Do I am making myself clear here with my point of view?


                            Let me ask you then...where in this world is the representation of voltage in the Magnetic Circuit Analogy...did it just vanished in Counterspace?

                            It must be "somewhere" right?...or it mysteriously "trasvested" into AT with a parameter name which simply is not Voltage?

                            What about it if we decide to call them Volt/Turns?...Oh, can not do that!!...just because it was the French Ampere's last name who started presenting it and not Voltaire...Uh?

                            Unbelievable...and a great reason why we have not evolved passed the farting machines.


                            Ufopolitics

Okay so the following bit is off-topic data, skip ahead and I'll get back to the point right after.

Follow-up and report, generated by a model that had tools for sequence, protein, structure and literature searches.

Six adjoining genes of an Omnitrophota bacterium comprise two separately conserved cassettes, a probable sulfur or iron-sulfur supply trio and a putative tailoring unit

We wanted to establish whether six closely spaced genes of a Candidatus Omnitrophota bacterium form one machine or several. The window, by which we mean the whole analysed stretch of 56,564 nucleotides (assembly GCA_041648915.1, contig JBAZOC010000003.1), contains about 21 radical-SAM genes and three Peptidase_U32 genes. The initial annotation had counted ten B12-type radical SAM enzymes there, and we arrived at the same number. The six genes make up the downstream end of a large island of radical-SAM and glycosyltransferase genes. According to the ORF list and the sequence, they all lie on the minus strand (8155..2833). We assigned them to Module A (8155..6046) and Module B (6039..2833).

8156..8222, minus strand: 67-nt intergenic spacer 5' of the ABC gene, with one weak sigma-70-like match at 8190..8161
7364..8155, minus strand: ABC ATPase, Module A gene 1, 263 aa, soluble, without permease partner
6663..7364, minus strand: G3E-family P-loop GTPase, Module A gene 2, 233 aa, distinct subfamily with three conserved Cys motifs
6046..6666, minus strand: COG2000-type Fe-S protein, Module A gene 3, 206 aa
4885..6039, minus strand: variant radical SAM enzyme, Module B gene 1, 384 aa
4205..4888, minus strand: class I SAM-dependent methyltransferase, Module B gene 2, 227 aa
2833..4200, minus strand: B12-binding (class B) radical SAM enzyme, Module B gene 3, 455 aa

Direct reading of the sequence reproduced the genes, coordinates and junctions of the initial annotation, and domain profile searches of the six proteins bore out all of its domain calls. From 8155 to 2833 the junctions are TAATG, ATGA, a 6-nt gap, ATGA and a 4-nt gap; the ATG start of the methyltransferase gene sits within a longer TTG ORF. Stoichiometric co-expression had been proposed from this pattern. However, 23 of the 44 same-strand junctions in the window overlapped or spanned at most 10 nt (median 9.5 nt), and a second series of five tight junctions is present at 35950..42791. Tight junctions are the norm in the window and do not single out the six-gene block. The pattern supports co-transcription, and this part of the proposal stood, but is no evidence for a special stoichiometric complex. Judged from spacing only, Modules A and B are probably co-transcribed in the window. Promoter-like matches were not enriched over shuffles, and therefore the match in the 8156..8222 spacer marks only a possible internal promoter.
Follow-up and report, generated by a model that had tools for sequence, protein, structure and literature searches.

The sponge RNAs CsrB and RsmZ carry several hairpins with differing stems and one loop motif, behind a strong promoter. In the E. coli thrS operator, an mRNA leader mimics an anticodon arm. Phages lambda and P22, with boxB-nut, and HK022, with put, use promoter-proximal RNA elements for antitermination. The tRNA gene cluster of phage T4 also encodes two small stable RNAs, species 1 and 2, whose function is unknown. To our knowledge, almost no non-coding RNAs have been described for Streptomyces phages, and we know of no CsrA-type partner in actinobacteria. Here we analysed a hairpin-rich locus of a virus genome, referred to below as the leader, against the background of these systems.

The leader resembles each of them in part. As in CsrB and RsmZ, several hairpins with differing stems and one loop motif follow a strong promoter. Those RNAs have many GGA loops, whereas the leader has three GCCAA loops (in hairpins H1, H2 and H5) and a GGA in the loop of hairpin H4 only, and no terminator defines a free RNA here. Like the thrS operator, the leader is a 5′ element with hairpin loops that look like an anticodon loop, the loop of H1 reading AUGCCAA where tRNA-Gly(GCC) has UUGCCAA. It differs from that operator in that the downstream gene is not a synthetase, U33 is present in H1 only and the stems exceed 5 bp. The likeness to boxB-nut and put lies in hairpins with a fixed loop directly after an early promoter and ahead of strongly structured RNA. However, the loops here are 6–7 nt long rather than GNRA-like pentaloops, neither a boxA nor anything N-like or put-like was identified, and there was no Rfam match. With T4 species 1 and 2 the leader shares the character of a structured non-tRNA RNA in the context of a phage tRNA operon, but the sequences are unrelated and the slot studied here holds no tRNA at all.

Last edited by Ufopolitics; 12-17-2016, 05:51 PM.
                            Principles for the Development of a Complete Mind: Study the science of art. Study the art of science. Develop your senses- especially learn how to see. Realize that everything connects to everything else.― Leonardo da Vinci

                            Comment


                            • Faraday's law

                              Originally posted by Ufopolitics View Post
                              ...
                              Let me ask you then...where in this world is the representation of voltage in the Magnetic Circuit Analogy...did it just vanished in Counterspace?
                              ...
                              EMF = -N * dΦ/dt, where dΦ/dt is the change in flux with respect to time.

                              aka: Faraday's Law